Days after the Ministry of External Affairs said that diplomatic channels were “being used” to defuse the stand-off with China in Doklam in the Sikkim region, Chinese state media indicated on Saturday that there was “no room for negotiations” and withdrawal of Indian troops was the pre-condition for any diplomatic solution.
In a commentary, China’s official press agency, Xinhua, which works directly under the state council, reiterated that the “border line was the bottom line” for Beijing. This is not the first time this particular phrase has been used by China’s state media in articles, opinions and interviews with experts. It was used by Xinhua and Communist Party of China-run People’s Daily in editorials last week.
“India has repeatedly ignored China’s call for pulling its border-crossing troops from Doklam area back to its own territory. However, turning a deaf ear to China will but worsen the month-long stand-off and put itself further into embarrassment,” said the article.
“India should not regard the existing situation as the same as or even similar to the previous two stand-offs in 2013 and 2014 near Ladakh, a disputed area between China, Pakistan and India in southeastern Kashmir. Diplomatic efforts led the troops frictions there to a well-arranged end. But this time it is a totally different case,” it said.
The current stand-off between Indian and Chinese troops is considered the longest in almost three decades. It began on June 18, after Beijing said New Delhi had violated border agreements after Indian troops allegedly entered Doklam and stopped the Chinese Army from constructing a road. India maintained that the boundary is yet to be settled and asked China “to desist from changing the status quo”, referring to the road construction.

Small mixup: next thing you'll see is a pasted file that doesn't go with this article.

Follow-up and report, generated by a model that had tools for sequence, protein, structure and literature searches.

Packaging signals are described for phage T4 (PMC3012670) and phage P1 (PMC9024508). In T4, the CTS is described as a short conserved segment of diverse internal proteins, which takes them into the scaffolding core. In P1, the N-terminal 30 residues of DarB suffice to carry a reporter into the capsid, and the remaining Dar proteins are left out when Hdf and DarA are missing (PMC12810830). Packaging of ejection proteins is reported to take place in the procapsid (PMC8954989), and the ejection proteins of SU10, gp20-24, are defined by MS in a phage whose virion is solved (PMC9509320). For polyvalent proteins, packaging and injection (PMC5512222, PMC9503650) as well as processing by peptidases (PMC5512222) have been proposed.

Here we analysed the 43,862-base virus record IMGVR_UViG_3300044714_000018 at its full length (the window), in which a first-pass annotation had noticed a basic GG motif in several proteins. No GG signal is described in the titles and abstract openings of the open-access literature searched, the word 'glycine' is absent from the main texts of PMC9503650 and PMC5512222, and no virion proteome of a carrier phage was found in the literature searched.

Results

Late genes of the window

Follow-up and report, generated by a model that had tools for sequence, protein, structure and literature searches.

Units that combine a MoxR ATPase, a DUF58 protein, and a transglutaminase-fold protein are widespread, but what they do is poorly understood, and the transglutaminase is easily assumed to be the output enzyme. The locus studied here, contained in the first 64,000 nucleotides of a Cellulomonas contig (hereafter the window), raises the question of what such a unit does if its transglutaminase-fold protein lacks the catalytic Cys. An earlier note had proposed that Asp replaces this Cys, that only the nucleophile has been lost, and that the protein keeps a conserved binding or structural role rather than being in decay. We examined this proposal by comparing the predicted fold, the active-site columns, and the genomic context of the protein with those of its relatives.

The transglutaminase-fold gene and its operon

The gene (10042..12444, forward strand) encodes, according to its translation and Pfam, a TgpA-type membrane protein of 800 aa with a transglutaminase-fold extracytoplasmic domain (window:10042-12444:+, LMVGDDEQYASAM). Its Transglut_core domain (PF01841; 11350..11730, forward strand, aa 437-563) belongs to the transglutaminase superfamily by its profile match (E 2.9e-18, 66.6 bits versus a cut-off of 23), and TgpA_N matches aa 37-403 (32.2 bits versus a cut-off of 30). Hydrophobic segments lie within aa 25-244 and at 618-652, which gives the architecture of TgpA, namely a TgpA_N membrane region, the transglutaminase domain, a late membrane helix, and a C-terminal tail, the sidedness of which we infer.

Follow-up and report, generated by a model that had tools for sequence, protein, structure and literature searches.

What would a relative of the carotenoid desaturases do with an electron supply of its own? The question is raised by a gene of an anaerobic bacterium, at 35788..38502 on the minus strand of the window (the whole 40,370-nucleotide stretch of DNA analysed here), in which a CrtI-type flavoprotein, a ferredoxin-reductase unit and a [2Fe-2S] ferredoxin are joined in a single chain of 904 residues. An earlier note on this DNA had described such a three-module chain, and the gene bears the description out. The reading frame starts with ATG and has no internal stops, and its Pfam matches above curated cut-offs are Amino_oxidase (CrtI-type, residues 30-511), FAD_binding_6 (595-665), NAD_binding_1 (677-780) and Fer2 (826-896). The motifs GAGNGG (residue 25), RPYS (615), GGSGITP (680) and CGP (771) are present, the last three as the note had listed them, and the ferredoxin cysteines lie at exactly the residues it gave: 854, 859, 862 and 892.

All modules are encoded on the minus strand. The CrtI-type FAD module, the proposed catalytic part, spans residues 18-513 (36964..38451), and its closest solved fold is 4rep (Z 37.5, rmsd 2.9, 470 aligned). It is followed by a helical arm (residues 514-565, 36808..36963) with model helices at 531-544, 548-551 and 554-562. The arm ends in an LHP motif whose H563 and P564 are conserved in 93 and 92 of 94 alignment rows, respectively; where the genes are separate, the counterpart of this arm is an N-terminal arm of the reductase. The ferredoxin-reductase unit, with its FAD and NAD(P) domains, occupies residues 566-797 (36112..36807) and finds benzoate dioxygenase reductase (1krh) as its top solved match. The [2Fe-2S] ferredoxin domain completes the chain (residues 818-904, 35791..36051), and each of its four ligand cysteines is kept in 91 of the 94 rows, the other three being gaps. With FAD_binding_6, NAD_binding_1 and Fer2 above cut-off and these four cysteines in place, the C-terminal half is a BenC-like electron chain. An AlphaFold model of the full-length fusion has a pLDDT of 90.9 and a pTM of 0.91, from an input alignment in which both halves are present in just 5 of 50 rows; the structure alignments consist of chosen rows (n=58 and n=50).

According to Xinhua, the June 18 incident marked the first time India crossed the only “determined border between the two Asian countries”. “Many arguments and protests from China have failed to bring India back to reason. India has to know illegal stay of its troops in Doklam will by no means force a fait accompli there, and that it has to change its mind before things go even worse,” said Xinhua.
The article, however, took note of Foreign Secretary S Jaishankar’s recent remarks as a positive sign. “As an old Chinese saying goes, peace is most precious. It has been noticed that Indian Foreign Secretary Subrahmanyam Jaishankar recently has made positive remarks in Singapore, saying that ‘India and China should not let differences become disputes’. What China would like to see more are corresponding actions taken by India,” it said.
Xinhua also mentioned “anti-China” sentiments in India. “In recent years, some Indian civil groups, tinted with intense nationalism, have been constantly stirring up anti-China sentiments, even clamouring to boycott ‘the commodities of hostile countries’ at a time when the situation on China-Indian boundary intensified,” said the article.